I was at university studying history and the conversation with my father went something like this…
Dad: what do you want to do with your life?
Dad: What do you like doing?
Dad: (showing Herculean restraint) well what do you like drinking?
And that my friends is where it all began. He assured me that I could indeed make a career out of drinking wine, or at least, tasting it, and being the fantastic and supportive father he is, he put me in contact with some friends in the wine trade and before long I was booked in to spend my summer working at a winery in France.
The only slight hiccup in this grand plan was I really can’t speak French. When I do summon up the courage to try I end up accidentally saying something wildly inappropriate. After one such excruciating experience I ended up desperately having to convince the hapless person that I was not, in fact, a call girl. After that I decided sign language was the more effective method of communication.
And so I arrived at the Chateau in Bordeaux, having made it across Paris on my own (in itself a miracle) and I was ridiculously keen to get stuck in. A rather grizzled old Frenchman appeared from the cellar and taking in my gleaming white t-shirt and my smart jeans, he looked distinctly unimpressed. After firing some totally unintelligible questions at me, he finally resorted to my favoured form of comms and I gradually realised he was asking if I wanted to get straight to work or go to my accommodation.
This was obviously a test so I rolled up my proverbial sleeves and eagerly agreed to get to ‘travail’. I should have clocked the sly grin. My white t-shirt didn’t stand a chance. All afternoon I toiled, moving the barrels from the cellar to the courtyard. When I finally had them all standing to attention in front of the Chateau like a miniature army, he calmly indicated for me to roll them all back inside.
On the bright side, I had passed the ‘willingness’ test with flying colours unlike the hapless Australian lad who arrived the following day and opted to see his room first. His penchant for breaks did nothing to help his cause. And so for the next few weeks it was me and the Auzzie (whose French was as bad as mine but who had the forethought to bring a language dictionary), the two French workers with zero English, and for a few brief moments the owner/winemaker, (which was a shame as she did actually speak English) working diligently (if silently) through harvest. It turns out the dictionary was pretty thin on winemaking terminology.
And so it was that I feel hook, line and sinker in love with the hard graft of winery life. I adored being in the vineyards, sadly I am not sure the French guys felt the same after I accidentally reversed the gondola filled with grapes into a tree. Being a part of a team, working under an endless blue sky, long hours, blisters, rustic lunches in the shade of the tree washed down with a few bottles of wine, more long hours, aching back, desperate apologies for dinged gondola… what more could a girl want.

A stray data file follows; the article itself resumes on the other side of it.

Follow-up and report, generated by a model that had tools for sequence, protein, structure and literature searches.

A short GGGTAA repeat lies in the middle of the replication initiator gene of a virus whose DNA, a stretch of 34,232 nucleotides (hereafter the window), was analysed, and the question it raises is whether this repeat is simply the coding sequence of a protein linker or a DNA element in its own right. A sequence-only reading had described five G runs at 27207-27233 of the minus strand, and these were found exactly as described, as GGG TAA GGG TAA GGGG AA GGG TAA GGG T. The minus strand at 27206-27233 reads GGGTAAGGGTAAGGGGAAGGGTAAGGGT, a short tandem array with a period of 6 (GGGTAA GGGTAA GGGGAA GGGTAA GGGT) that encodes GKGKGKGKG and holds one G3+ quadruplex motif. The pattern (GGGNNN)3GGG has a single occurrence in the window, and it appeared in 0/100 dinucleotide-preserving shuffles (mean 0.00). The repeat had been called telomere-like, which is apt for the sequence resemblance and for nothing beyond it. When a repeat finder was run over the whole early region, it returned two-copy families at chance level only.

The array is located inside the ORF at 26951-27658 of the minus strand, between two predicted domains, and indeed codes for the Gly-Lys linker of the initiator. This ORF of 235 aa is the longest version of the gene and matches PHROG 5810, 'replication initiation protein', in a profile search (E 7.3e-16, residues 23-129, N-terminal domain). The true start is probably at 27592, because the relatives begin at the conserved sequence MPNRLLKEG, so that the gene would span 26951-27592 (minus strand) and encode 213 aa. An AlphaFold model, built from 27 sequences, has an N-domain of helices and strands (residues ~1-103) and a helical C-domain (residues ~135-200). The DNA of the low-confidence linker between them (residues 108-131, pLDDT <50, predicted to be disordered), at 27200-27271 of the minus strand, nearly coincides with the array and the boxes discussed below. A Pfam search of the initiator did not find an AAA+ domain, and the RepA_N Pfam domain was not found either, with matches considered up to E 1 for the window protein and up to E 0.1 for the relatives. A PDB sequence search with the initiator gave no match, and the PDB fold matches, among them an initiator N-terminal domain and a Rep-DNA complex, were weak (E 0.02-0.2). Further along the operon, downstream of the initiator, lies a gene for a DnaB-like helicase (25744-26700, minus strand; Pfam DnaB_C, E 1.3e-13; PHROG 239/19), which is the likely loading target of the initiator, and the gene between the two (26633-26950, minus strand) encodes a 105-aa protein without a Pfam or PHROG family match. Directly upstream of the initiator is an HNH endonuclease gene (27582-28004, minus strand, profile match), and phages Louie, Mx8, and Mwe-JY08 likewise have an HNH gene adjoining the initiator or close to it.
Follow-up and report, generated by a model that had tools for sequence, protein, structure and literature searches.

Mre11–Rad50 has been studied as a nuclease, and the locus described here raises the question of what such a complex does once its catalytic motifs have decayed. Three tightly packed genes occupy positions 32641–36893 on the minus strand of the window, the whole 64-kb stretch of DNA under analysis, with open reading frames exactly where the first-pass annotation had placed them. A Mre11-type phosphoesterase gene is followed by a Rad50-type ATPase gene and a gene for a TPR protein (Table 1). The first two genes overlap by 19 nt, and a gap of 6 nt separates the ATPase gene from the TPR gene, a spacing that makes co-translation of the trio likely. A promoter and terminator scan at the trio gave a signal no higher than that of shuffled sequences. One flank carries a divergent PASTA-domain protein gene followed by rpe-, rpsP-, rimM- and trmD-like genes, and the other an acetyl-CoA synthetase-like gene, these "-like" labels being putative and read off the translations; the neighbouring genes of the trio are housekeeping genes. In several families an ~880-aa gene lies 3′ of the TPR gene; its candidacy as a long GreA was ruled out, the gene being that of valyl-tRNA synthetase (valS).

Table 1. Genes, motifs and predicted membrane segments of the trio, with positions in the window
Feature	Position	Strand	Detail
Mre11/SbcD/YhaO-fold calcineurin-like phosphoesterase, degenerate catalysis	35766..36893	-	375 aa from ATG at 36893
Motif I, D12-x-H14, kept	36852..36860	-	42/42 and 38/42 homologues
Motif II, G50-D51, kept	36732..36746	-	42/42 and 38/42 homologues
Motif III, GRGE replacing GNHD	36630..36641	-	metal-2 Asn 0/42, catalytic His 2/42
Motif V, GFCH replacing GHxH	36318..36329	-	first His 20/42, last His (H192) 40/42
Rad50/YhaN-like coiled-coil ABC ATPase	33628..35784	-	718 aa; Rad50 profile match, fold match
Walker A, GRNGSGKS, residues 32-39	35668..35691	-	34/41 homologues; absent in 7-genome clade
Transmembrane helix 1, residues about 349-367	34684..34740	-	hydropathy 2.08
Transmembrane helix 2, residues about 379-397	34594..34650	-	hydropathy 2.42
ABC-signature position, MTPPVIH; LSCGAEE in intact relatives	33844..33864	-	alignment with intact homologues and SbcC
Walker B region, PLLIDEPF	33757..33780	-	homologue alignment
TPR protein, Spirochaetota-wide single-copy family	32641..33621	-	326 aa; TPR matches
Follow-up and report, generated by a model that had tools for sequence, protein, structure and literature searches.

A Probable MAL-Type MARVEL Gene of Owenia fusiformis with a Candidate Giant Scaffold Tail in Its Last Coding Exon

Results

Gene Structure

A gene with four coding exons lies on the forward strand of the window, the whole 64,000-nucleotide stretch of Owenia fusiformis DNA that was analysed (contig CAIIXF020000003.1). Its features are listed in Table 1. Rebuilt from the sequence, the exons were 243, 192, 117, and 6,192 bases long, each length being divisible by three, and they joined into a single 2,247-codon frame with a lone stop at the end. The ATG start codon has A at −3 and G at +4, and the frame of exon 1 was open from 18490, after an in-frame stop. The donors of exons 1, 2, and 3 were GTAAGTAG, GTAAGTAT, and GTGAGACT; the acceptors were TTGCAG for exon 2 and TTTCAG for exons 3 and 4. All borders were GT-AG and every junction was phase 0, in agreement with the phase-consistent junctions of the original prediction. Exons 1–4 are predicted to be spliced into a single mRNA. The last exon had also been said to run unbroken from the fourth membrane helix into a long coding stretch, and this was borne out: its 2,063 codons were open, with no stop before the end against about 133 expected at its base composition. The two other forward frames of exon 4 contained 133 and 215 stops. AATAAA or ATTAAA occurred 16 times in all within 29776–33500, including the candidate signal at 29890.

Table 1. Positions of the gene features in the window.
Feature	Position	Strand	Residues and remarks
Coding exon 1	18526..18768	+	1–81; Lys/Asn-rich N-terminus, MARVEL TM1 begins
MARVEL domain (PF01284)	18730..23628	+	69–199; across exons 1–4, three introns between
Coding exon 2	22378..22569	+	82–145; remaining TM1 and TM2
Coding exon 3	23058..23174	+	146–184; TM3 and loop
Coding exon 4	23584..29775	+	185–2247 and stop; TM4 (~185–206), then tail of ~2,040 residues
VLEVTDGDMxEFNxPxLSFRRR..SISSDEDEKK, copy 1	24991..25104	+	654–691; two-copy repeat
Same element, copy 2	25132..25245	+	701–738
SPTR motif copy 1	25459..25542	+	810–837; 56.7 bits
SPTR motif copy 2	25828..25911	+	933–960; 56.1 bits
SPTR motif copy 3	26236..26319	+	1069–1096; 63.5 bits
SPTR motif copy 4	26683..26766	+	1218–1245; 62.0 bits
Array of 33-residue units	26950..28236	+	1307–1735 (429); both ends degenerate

The cellar work I found equally engaging, for some reason physical labour has always appealed to me and so I really was in my element. I was hauling pipes around the cellar, moving barrels (there was a raised eyebrow when that came up again), in fact it was in the cellar I became proficient with my first French words. I was in charge of topping barrels, this involved filling up the evaporated portion (the angels share) with more wine via what can only be described as a squirt gun attached to a hose attached to a mini tank. You are meant to listen to the change in tone as the liquid level rises and ascertain when it reaches the top. Needless to say pin-pointing that sweet spot proved elusive. The result was an eruption of red wine out of the barrel hole which spurted up the white washed walls, the surrounding barrels and yours truly. Despite doing this on multiple occasions I only seemed to have one set response. To keep my finger firmly pressed on the trigger and to shout ‘ATTENTION… MERDE’ repeatedly as wine gushed forth like a Naples fountain until someone rushed to my aid. My second job was to keep washing down the white washed walls. God knows how much wine they lost to the wall that year.
It was certainly a learning curve, and despite the language barrier I learnt a huge amount (excluding gondola driving and barrel topping) and by the end of my tenure I was invited to join the to two French guys for a BBQ on my last night. It was a beautiful evening, we drank wine, ate very rare steak and grinned at each other in companionable silence. After another bottle we spend a good 20 minutes pointing at body parts and trying to name them in our non-language. At the end of the night I received a nod of approval and a two handed handshake from each of them. I don’t think any words of praise have ever taken on so much meaning as that tacit stamp of approval. The Auzzie had not been invited.
I returned to England with a clear understanding that my life had taken on a new direction. Wine, in whatever guise was going to be my passion and my job. That fascination with the vineyards and the cellar is still holds me in its thrall and a true understanding of it plays into every other aspect of the wine world. It was not to be my last harvest, but you never forget your first do you?!
PS my friends in South Africa were quick to teach me to use a cork on a T shaped wire hanging through the barrel hole to ascertain the wine level when topping up… as soon as the cork bobs up stop squeezing the trigger! I never spilt another drop again!
PPS embarrassingly this was before the days of camera phones so the only pictures I have of this adventure are in my head.